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Say hello to bottomless noodles in boiling-hot bone broth
Dagu Rice Noodle (115 Dundas West, at Bay, 416-901-9208, daguricenoodle.ca) is a restaurant chain beloved across China for its hearty, endlessly refillable bowls of noodle soup. The company has two locations in Canada, including one in Markham a third, in Scarborough, is about to open its doors.
Dagu’s popularity (which can be seen in the non-stop lines at lunch and dinner outside the Dundas location) has largely to do with its careful choice of restaurant locations. In China, they set up shop in malls and major centres, explains Dagu rep Closs Tong, so their brand consciousness is super high. But what keeps diners coming back, he says, is the broth: “Every night, they cook 100 pounds of pork bones for the broth, so the soup is really fresh.”
In addition to making for a tasty brew, the restaurant says, the bones also infuse the broth with piles of collagen, a protein that’s great for skin and hair. (Hey, if slurping down a vat of noodle soup can also make me cuter, that’s a bonus!)
That broth, available in myriad flavours, is brought to your table still-bubbling there’s a safety notice pasted to all tables, and bowls are slid out of the kitchen with a long handle for safety. “If it’s not boiling, we don’t serve it,” Tong says. And in case you run out of noodles or broth, you can just ask your server for more.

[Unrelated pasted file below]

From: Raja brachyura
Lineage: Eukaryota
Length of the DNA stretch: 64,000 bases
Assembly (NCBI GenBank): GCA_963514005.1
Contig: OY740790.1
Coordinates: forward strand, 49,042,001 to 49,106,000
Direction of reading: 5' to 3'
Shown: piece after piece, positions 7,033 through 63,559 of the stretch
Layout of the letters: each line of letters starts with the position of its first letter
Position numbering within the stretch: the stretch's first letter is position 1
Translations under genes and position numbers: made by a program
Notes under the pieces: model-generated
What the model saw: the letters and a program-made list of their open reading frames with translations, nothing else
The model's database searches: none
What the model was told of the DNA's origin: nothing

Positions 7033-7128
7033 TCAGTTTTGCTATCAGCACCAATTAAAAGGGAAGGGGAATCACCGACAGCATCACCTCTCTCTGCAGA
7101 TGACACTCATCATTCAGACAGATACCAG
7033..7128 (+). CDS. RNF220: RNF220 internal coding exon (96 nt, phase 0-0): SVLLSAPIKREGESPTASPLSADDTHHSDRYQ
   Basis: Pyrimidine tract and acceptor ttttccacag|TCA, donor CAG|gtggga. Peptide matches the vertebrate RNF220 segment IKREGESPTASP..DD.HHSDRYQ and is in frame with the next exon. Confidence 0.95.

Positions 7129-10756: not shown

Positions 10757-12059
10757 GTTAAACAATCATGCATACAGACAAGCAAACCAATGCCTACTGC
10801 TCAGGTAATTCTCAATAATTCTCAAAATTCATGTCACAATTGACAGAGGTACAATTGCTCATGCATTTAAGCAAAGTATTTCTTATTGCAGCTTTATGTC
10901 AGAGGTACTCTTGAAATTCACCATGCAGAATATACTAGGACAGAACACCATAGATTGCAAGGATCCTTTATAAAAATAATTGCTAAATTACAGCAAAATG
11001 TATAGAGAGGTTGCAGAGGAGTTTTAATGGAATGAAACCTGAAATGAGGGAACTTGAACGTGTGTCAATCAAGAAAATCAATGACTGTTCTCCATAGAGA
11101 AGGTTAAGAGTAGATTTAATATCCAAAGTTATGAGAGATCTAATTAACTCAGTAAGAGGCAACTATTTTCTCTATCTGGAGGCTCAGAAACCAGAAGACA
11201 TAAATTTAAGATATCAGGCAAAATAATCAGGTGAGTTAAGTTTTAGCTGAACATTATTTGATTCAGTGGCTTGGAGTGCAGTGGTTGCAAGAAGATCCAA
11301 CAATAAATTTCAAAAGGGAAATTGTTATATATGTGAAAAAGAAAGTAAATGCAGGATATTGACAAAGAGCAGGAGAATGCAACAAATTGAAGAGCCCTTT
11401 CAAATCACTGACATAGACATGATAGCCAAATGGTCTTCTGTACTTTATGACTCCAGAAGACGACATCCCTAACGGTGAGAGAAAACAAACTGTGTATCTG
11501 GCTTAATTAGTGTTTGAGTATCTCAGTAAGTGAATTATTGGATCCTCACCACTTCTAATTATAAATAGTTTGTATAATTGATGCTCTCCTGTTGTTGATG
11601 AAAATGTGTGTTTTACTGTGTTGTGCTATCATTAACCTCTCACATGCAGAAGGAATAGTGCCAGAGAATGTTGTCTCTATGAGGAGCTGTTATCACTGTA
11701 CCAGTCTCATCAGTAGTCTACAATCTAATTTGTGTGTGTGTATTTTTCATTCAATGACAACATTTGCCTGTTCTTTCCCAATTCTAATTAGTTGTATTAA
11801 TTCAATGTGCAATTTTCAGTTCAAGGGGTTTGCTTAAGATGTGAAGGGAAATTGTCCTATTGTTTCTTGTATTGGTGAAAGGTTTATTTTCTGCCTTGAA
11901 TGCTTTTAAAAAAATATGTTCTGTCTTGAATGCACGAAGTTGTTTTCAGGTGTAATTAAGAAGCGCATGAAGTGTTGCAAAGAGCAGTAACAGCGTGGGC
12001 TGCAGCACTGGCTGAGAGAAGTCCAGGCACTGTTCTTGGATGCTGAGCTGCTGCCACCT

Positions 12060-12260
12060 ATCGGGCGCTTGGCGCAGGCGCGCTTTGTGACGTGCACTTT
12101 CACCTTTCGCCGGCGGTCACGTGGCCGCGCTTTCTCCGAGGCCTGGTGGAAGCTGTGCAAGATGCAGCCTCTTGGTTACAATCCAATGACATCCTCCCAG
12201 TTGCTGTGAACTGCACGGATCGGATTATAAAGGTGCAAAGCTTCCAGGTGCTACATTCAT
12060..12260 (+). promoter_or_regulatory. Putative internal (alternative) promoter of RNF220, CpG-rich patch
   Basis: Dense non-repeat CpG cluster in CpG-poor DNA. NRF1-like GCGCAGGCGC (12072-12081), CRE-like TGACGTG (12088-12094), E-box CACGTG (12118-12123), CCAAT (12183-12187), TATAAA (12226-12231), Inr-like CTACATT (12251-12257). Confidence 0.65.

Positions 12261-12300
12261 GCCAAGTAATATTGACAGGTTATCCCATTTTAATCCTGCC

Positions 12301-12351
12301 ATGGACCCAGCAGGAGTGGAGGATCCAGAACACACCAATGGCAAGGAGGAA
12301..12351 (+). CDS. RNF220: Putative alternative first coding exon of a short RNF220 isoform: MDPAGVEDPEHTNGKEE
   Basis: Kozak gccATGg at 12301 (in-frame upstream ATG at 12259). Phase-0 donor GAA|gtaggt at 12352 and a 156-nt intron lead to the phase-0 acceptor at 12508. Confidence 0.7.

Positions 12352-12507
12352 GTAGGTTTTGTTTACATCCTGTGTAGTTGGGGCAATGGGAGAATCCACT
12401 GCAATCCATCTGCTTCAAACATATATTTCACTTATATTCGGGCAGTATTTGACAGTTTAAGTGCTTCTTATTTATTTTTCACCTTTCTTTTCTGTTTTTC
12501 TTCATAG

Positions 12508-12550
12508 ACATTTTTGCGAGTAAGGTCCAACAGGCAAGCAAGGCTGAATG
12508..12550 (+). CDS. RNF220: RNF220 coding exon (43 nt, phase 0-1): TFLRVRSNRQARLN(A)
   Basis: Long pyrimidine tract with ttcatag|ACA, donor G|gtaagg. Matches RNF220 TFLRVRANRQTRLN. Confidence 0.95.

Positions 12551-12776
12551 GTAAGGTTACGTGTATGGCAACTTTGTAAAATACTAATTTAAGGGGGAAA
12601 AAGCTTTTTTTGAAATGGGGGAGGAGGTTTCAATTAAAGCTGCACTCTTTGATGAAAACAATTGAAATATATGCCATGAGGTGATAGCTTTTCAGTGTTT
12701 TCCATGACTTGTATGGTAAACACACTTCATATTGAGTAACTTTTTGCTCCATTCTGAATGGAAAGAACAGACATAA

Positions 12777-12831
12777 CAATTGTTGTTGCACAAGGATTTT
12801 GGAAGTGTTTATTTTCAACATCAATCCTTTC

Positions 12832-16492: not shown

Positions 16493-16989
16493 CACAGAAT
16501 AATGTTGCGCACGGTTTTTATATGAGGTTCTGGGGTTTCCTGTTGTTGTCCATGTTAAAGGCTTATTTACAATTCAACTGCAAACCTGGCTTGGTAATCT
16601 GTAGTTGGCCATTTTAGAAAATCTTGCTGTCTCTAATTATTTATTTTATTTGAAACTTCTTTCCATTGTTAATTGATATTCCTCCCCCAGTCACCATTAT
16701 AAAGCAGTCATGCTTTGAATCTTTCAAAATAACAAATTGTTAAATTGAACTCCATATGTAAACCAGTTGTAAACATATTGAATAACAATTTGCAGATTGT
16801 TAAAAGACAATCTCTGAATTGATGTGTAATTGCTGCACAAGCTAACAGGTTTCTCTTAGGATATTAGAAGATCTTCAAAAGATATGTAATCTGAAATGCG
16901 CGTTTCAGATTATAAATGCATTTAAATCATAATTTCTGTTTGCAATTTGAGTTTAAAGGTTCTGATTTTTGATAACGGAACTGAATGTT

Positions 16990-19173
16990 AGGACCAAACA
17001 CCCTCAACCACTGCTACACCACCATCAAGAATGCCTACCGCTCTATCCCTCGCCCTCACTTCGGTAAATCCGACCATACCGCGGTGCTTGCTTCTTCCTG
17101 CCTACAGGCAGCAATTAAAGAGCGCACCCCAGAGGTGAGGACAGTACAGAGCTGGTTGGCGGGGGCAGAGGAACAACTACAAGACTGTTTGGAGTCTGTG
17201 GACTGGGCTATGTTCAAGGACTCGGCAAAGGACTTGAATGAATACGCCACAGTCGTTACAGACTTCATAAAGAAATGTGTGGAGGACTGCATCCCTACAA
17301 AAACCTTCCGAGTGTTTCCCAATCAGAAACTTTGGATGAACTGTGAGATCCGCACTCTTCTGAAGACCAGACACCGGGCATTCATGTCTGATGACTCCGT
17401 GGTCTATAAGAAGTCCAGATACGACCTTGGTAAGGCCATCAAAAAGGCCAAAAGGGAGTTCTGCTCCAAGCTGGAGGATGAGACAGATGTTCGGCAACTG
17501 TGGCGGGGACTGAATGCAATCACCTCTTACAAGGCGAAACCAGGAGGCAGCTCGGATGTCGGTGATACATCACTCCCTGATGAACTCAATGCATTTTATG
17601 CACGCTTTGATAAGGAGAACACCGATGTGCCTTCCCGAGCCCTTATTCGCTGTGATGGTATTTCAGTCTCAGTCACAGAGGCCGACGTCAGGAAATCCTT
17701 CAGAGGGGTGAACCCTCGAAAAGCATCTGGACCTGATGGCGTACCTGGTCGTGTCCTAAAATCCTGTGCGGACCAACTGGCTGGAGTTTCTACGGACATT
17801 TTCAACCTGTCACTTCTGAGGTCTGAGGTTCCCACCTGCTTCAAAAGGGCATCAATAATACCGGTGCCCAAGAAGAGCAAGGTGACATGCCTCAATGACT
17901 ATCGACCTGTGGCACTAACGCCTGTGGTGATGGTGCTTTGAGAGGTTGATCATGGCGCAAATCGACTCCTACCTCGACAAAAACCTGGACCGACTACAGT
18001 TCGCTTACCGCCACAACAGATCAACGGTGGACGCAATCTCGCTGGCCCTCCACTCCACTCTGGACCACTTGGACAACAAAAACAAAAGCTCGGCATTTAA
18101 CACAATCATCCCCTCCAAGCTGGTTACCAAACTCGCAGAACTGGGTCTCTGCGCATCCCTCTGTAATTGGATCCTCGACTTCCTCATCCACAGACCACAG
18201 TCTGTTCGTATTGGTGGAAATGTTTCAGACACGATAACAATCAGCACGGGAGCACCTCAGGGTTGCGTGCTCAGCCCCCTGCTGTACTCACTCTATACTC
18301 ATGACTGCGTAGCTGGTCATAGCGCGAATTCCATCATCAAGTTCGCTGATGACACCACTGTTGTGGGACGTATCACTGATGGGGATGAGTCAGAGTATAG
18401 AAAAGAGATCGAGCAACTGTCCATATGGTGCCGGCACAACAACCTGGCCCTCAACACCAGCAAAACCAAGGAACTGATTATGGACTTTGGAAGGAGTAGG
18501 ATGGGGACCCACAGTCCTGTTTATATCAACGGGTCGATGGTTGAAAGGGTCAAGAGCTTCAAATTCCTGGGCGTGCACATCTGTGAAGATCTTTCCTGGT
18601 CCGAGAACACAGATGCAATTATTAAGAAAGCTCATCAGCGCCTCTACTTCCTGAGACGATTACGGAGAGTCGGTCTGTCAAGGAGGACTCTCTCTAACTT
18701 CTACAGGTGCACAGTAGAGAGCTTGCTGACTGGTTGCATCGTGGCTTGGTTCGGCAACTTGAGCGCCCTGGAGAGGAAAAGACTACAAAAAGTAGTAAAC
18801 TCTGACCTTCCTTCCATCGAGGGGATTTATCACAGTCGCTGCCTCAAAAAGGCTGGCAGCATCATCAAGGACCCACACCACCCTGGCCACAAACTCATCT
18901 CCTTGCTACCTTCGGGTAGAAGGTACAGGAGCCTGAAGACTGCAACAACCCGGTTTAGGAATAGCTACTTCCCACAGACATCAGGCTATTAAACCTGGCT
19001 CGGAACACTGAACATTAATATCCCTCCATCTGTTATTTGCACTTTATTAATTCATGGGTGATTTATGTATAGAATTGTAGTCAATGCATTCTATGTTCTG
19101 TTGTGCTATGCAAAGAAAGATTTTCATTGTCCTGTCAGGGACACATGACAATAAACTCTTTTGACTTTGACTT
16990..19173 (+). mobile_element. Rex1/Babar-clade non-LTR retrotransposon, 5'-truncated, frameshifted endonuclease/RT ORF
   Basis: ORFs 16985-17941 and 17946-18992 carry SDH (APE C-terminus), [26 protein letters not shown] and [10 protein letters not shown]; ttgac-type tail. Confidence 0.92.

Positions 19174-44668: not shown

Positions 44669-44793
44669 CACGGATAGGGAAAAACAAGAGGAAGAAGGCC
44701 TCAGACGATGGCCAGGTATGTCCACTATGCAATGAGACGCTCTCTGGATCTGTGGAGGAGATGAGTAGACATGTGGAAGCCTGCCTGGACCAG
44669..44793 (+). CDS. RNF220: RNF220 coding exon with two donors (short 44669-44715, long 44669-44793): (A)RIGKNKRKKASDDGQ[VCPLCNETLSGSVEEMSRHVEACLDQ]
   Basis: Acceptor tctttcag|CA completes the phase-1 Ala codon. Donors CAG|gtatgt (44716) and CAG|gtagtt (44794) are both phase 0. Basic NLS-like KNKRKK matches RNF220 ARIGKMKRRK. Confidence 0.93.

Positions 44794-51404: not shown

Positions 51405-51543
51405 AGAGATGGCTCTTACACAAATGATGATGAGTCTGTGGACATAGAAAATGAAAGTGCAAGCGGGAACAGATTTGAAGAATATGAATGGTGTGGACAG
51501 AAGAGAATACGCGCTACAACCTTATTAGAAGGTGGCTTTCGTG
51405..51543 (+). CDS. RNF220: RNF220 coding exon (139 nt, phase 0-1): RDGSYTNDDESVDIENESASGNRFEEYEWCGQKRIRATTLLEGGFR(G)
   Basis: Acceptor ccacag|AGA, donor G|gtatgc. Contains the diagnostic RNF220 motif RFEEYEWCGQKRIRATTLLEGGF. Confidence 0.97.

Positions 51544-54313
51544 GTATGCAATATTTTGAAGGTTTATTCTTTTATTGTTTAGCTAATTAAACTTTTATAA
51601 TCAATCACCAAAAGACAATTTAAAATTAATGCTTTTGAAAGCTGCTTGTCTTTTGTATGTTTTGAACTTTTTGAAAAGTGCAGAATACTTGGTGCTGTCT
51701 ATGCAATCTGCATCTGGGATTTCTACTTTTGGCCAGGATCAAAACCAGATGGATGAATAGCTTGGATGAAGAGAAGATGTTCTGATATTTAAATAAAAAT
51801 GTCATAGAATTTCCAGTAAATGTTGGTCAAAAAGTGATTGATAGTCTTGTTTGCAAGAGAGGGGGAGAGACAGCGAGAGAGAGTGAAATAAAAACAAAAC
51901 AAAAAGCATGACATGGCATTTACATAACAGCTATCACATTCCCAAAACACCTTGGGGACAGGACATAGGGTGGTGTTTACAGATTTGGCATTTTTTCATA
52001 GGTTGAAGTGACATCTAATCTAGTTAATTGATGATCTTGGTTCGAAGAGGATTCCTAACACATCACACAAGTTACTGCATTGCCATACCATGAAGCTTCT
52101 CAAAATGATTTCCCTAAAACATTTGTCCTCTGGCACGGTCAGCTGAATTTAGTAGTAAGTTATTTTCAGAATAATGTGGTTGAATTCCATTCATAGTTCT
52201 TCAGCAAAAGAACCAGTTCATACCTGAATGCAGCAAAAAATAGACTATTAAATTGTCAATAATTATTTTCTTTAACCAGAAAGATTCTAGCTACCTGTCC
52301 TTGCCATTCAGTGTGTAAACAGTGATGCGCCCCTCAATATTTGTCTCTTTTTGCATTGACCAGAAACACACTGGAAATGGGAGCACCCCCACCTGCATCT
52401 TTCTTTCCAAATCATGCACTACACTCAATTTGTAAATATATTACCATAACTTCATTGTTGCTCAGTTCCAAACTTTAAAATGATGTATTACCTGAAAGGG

Bowls come with a whack of toppings, including quail egg, Szechuan pepper pork, ham, corn, bamboo shoots, and a green fermented cabbage paste, which Tong calls “the secret sauce.” You can get your soup in two ways: Classic noodle soup, which comes fully loaded with everything, or “crossing the bridge” soup, where noodles, broth and condiments are all brought out separately.
“In China, there’s the story of a scholar who was studying late,” Dagu rep Calvin Du explains. “His wife lived across this long bridge, and she would bring him soup all put together. By the time she finished crossing the bridge, the soup would be cold, the noodles would have absorbed all the base, so it wasn’t that great. So she separated the ingredients, brought it to him, and he put it together – and that’s why it’s called ‘crossing the bridge’ noodles.”
Here’s a closer look at the menu.
Mushroom crossing the bridge noodle soup ($9.99) is super-comforting and rich – without containing a lick of dairy. (Dunk meat in the soup, hot pot-style, to cook it.)
Pickled cabbage soup ($10.99) is flavoured with a liberal scoop of sour green cabbage (think sauerkraut, but with earthier, grassier notes) for a slightly sour umami bomb.
If you’re not feeling noodles, or want to round out your meal, there’s a selection of sweet and savoury sides.
Fried chicken ($6.99) gets a warm flavour from a hit of five-spice.
A more traditional Chinese side is the thinly-sliced beef, tripe and tongue ($6.99) in a spicy chili oil with peanuts, soy and vinegar.
On the sweeter side, there’s mini squash pancakes stuffed with red bean filling ($3.50) and sweet sticky rice ($3.50).
The drinks menu is actually a brand new addition for the Canadian restaurants, calibrated to current food trends in the Toronto market. You can get matcha drinks, yakult (a yogurt-based drink) or some truly killer cheese drinks (if you’ve never had one, picture a cheesecake smoothie) in a bunch of fruit flavours. Get them for here or to go (along with the rest of the menu) at the handy takeout counter.
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